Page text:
Five keys to victory for Kevin Holland against Marvin Vettori.
You’d be hard-pressed to find a more successful calendar year in MMA than Kevin Hollands 2020. Despite a global pandemic and a loss of scheduled UFC events, Holland managed to string together an incredible five-fight win streak, tying the record for most wins in a year in the process. It wasn’t just the record itself, but the fashion in which the victories were earned that was so impressive. Four of those five wins came via way of incredible KO/TKO victories, including a highlight-reel finish over middleweight legend Jacare Souza and a Knockout of the Year over Joaquin Buckley.
The immense amount of momentum accrued was brought to a halt just last month after Holland competed in his first UFC headliner against Derek Brunson. Holland was met with much criticism after having a somewhat lackluster performance coupled with his antics of talking throughout the entire fight. But in true Holland fashion, he isn’t about to let that break his stride. When Darren Till was forced to withdraw from the fight against Vettori, it didn’t take long for Holland to assume the position on short notice. A terrific opportunity to all but undo his last performance against Brunson.
The circumstances surrounding this short fight and the stylistic match-up between Vettori and Holland is a recipe for an entertaining affair no matter how it unfolds. Now that we are just days away from the contest, we will examine the five paths of victory for Holland.
Vettori is riding extremely high on confidence and is a very hungry fighter right now. He has great technical ability, but it’s toughness and tenacity to thank for his most recent successes. He is the furthest thing away from a slow starter, so it would bode well for Holland to come out with a bounce in his step and look to connect early. If he can use his speed to land some head punches and low leg kicks early, he will be able to disrupt the rhythm of Vettori and keep him from getting into the groove.
Shelf the gimmick
There’s no doubt that Holland’s verbal ways in the Octagon play a role in getting in his opponent’s head and keeping things playful so he can be as relaxed as possible while in there. But it is large in part a gimmick to entertain fans and stand out for self-promotion purposes. While it’s can make for an interesting element to a fight, it also serves as a distraction, and the last thing Holland needs against a dangerous fighter like Vettori is a distraction from the task at hand.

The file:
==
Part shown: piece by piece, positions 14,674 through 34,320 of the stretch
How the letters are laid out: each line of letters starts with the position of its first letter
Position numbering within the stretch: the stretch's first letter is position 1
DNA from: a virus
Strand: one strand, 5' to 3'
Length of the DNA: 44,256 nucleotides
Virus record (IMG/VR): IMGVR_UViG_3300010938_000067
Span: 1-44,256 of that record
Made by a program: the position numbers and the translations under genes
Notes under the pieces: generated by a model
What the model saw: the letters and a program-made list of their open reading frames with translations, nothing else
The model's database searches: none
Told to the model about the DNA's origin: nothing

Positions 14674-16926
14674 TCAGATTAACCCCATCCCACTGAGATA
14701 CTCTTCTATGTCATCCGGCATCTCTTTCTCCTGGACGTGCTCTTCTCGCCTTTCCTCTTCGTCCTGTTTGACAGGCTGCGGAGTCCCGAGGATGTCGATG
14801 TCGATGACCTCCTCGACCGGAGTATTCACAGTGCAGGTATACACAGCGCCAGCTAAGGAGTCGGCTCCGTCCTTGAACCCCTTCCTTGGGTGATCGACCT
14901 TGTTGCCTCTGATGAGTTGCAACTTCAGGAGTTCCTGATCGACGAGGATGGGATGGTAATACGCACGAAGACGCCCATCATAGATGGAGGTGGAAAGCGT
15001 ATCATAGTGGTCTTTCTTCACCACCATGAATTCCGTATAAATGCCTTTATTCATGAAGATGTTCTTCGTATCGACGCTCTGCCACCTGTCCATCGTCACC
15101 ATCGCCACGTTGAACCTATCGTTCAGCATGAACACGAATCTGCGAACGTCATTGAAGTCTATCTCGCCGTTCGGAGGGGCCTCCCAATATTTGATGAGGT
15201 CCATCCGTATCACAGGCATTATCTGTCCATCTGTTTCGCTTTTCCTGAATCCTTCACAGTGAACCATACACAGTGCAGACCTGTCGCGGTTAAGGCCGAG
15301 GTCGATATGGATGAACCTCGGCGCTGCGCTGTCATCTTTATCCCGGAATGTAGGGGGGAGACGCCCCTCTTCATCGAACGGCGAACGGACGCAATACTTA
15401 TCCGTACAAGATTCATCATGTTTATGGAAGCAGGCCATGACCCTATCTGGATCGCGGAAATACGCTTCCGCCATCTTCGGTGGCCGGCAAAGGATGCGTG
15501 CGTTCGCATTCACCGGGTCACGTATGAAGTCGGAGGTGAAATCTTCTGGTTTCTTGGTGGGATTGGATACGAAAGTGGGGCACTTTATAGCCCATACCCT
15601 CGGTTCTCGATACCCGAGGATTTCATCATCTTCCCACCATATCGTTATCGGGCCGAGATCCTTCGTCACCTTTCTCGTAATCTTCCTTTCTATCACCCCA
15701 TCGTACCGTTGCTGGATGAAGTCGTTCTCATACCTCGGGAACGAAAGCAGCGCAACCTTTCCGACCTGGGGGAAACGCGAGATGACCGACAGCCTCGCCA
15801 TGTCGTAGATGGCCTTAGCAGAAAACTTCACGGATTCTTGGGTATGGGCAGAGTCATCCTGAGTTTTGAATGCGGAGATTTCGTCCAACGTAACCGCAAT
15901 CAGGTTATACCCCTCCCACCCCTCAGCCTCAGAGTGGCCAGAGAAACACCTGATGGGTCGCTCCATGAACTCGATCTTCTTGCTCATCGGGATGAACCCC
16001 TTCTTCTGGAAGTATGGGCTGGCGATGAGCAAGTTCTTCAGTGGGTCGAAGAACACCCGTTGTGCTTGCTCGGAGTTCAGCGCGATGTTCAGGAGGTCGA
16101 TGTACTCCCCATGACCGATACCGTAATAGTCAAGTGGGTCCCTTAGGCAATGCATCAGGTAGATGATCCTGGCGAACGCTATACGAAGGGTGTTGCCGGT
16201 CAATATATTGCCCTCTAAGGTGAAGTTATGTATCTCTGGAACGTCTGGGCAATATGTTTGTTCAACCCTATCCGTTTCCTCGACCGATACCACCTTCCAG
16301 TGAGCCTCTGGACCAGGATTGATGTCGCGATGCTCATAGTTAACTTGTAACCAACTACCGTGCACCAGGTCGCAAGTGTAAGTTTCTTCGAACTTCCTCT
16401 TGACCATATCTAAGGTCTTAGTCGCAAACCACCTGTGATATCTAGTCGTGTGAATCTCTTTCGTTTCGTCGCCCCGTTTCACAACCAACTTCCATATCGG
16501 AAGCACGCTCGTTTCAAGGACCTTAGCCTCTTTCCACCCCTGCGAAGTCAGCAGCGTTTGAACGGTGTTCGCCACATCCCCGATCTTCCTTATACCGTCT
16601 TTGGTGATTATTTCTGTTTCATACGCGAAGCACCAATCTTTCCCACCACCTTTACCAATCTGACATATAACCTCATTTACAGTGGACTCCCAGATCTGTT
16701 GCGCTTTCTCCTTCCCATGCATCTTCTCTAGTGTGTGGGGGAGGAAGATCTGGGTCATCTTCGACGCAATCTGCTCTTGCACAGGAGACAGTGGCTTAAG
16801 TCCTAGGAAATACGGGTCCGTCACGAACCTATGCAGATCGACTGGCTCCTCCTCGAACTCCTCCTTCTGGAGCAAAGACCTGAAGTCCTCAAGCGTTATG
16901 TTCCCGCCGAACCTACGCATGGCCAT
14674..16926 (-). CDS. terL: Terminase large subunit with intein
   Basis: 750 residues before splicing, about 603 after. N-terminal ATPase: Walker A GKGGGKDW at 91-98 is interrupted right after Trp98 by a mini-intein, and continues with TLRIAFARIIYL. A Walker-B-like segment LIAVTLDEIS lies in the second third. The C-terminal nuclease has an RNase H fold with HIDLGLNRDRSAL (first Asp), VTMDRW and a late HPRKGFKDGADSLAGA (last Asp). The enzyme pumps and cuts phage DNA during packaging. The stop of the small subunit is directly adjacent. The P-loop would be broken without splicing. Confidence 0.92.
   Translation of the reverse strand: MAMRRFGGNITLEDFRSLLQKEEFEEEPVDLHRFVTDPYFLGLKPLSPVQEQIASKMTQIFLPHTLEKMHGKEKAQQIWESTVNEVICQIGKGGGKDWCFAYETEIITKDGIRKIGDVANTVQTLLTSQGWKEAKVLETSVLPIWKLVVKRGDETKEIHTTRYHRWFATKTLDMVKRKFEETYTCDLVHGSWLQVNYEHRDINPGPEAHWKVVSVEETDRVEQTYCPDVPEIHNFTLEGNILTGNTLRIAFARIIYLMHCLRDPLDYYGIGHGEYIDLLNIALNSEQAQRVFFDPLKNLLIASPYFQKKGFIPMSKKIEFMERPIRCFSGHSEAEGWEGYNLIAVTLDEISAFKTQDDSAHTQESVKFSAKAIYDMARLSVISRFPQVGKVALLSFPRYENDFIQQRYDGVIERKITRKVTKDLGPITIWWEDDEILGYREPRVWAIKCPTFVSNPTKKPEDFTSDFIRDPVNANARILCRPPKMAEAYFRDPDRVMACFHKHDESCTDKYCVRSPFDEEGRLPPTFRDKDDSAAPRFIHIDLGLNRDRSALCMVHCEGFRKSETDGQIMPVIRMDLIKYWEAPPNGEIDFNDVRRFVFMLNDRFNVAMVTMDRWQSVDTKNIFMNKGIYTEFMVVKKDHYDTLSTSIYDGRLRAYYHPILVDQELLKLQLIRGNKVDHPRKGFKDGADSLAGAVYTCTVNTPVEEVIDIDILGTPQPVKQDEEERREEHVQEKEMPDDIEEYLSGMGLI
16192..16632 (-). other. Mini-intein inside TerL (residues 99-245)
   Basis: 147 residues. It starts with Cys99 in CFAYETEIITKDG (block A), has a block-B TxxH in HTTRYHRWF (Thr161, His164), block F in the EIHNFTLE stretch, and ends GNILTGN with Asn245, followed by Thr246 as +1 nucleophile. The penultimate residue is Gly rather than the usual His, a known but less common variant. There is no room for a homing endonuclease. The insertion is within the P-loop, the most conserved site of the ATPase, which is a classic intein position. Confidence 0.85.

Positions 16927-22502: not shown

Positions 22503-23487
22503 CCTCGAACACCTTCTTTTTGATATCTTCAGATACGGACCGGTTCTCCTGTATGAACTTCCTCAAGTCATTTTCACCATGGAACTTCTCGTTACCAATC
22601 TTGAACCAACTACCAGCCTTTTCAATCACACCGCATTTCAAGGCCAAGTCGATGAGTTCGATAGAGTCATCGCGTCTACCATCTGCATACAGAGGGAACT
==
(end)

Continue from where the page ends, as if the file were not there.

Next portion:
Avoid a firefight
A big part of what makes Holland so fun to watch is his willingness to jump into the pocket and get caught up in a brawl, winging the wide and heavy left hooks he throws coupled with other aggressive attacks. It’s an extremely risky approach that he was able to get away with against some of his past competition, but will not be able to get away with as he moves up the rankings. Holland has some bad striking defense tendencies that are accentuated in these types of moments, so it would be best to avoid being in those situations altogether.
Press Vetori against the cage
Holland will be giving up size and strength against Vettori, so it’s easier said than done. But Holland has a good track record for when he has his opponent’s backs against the cage. It seems he always has something to throw, whether it’s a foot stomp, knee to the thy, or elbow to the head. He does a really good job landing strikes in this position and if he can bring the fight to this position, he will land significant damage on Vettori and slow him down in the process.
Avoid the mat
If there’s one thing the fight against Brunson showed us, is that Holland needs to work on his takedown defense and sweeps. Given the fact that the last fight that showed us this was just last month, there hasn’t been any time to make any significant improvements in that department. Vettori is no Brunson in the grappling realm, but he is the bigger and stronger man in this fight, and certainly can muscle and control Holland on the ground.